As the crypto-verse continues to recover from the FTX crash that occurred back in Nov. 2022, the CEO of the defunct crypto exchange continues to make headlines. Sam Bankman-Fried submitted pretrial motions seeking the dismissal of a significant portion of the charges brought against him based on various legal justifications.
Following the downfall of FTX, SBF went on to plead not guilty to 13 counts of fraud and conspiracy. His charges ranged from wire, securities, and commodities fraud allegations to even bribery. While the FTX chief’s trial is scheduled for Oct. 2, 2023, he was seen trying to avoid dealing with a few of these charges.
During his pretrial motions, SBF’s lawyers requested the dismissal of charges like conspiring to commit wire fraud against FTX customers, wire fraud against FTX customers, conspiracy to commit wire fraud against Alameda Research lenders, wire fraud against Alameda Research lenders, and conspiracy to commit bank fraud.
The grounds for dismissal were that the prosecution failed to establish a valid property right and did not accurately “state an offense.”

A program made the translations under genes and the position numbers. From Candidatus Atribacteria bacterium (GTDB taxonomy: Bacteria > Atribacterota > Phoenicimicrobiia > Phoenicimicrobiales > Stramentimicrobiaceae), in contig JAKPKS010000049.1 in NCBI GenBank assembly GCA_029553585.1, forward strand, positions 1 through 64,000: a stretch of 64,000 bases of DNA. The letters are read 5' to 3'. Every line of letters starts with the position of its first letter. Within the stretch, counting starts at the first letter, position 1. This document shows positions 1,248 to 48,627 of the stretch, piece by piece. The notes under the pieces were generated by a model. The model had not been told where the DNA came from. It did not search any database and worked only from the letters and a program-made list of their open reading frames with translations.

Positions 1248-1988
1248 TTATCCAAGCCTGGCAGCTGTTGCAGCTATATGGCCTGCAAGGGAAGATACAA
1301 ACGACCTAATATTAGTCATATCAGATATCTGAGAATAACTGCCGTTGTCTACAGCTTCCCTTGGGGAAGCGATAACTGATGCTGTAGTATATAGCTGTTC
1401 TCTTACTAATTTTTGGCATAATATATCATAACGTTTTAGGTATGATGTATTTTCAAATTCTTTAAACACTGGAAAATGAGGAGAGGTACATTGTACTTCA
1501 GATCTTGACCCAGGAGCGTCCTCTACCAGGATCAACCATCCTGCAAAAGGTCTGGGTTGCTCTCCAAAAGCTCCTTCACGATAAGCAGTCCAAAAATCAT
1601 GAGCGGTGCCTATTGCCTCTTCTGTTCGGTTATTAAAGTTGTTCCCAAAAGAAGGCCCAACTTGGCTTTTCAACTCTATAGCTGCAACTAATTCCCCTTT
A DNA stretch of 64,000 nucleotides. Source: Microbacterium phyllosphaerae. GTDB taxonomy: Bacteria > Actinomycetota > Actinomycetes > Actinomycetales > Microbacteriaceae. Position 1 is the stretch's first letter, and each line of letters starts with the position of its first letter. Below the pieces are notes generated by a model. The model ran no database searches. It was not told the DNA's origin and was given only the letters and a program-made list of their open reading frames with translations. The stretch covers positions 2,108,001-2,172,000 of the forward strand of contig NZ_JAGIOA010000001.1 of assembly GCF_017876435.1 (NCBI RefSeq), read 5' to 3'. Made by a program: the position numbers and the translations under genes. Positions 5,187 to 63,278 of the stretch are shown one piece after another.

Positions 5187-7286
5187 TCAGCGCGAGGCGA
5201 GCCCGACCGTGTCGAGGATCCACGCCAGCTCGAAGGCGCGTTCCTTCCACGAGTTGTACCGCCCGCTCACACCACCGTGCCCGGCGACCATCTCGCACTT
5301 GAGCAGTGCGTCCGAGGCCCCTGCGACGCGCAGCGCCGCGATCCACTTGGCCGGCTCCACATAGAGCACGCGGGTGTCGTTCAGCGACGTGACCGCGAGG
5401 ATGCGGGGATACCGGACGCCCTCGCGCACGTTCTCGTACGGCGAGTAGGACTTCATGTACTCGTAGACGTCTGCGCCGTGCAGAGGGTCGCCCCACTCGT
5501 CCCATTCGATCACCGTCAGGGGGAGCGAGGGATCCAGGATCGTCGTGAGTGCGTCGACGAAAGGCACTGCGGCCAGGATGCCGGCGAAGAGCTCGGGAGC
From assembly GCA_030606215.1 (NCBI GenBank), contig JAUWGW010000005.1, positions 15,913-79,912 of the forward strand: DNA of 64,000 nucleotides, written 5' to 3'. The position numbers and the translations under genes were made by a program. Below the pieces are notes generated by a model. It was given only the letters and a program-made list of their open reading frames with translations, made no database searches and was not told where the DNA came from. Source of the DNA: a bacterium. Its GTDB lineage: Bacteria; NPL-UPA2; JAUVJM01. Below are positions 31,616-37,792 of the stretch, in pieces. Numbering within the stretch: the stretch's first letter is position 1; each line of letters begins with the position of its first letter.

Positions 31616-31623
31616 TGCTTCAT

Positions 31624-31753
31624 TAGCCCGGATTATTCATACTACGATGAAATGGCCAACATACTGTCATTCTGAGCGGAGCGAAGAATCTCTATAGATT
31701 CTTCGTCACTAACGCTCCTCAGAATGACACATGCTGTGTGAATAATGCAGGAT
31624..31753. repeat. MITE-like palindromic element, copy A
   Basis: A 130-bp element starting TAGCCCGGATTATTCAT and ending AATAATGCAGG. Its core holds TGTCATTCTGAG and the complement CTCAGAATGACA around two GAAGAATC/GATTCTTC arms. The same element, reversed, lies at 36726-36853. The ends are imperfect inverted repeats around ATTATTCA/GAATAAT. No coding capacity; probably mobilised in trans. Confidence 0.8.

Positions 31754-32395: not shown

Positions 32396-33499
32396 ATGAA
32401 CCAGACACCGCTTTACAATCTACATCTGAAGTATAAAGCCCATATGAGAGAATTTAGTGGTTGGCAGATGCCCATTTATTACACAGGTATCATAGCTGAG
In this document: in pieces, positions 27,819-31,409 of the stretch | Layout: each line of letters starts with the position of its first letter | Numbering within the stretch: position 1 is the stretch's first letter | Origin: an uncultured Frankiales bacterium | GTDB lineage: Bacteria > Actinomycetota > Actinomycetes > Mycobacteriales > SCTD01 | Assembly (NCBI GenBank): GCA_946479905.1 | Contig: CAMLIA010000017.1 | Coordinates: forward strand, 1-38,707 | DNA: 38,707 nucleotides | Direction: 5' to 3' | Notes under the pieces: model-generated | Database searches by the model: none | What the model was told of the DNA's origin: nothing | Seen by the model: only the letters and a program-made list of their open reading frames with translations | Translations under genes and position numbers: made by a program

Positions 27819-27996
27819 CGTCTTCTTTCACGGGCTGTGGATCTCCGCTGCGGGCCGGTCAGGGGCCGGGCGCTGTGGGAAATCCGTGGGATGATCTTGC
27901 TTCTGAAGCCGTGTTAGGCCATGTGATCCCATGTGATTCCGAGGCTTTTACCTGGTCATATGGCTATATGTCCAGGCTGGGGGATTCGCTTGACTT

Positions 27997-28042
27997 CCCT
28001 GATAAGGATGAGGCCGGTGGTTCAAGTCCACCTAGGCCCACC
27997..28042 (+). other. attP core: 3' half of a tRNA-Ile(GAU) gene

This wasn’t all. His attorneys also filed a motion to toss out several other charges on the grounds of discovery. This included bank fraud conspiracy, unlicensed money transmitter operation, unlawful political contribution, and bribery charges. Additionally, a third motion was filed pursuing the dismissal of fraud charges linked to FTX customers and the unlicensed money transmitter charge. This was based on the grounds that they “failed to state an offense.”
Here’s what SBF did not try to dismiss
The FTX chief’s lawyers did not request the dismissal of charges related to conspiracy to commit securities fraud, securities fraud, and conspiracy to commit money laundering.
Lawyers representing the former CEO believe that prosecutors charged SBF in a “rush to judgment.” They further added,
“Rather than wait for traditional civil and regulatory processes following their ordinary course to address the situation, the Government jumped in with both feet, improperly seeking to turn these civil and regulatory issues into federal crimes.”
Prosecutors have a deadline until May 29 to respond to SBF’s request for dismissal. A hearing to present arguments will take place on June 15 before U.S. District Judge Lewis Kaplan.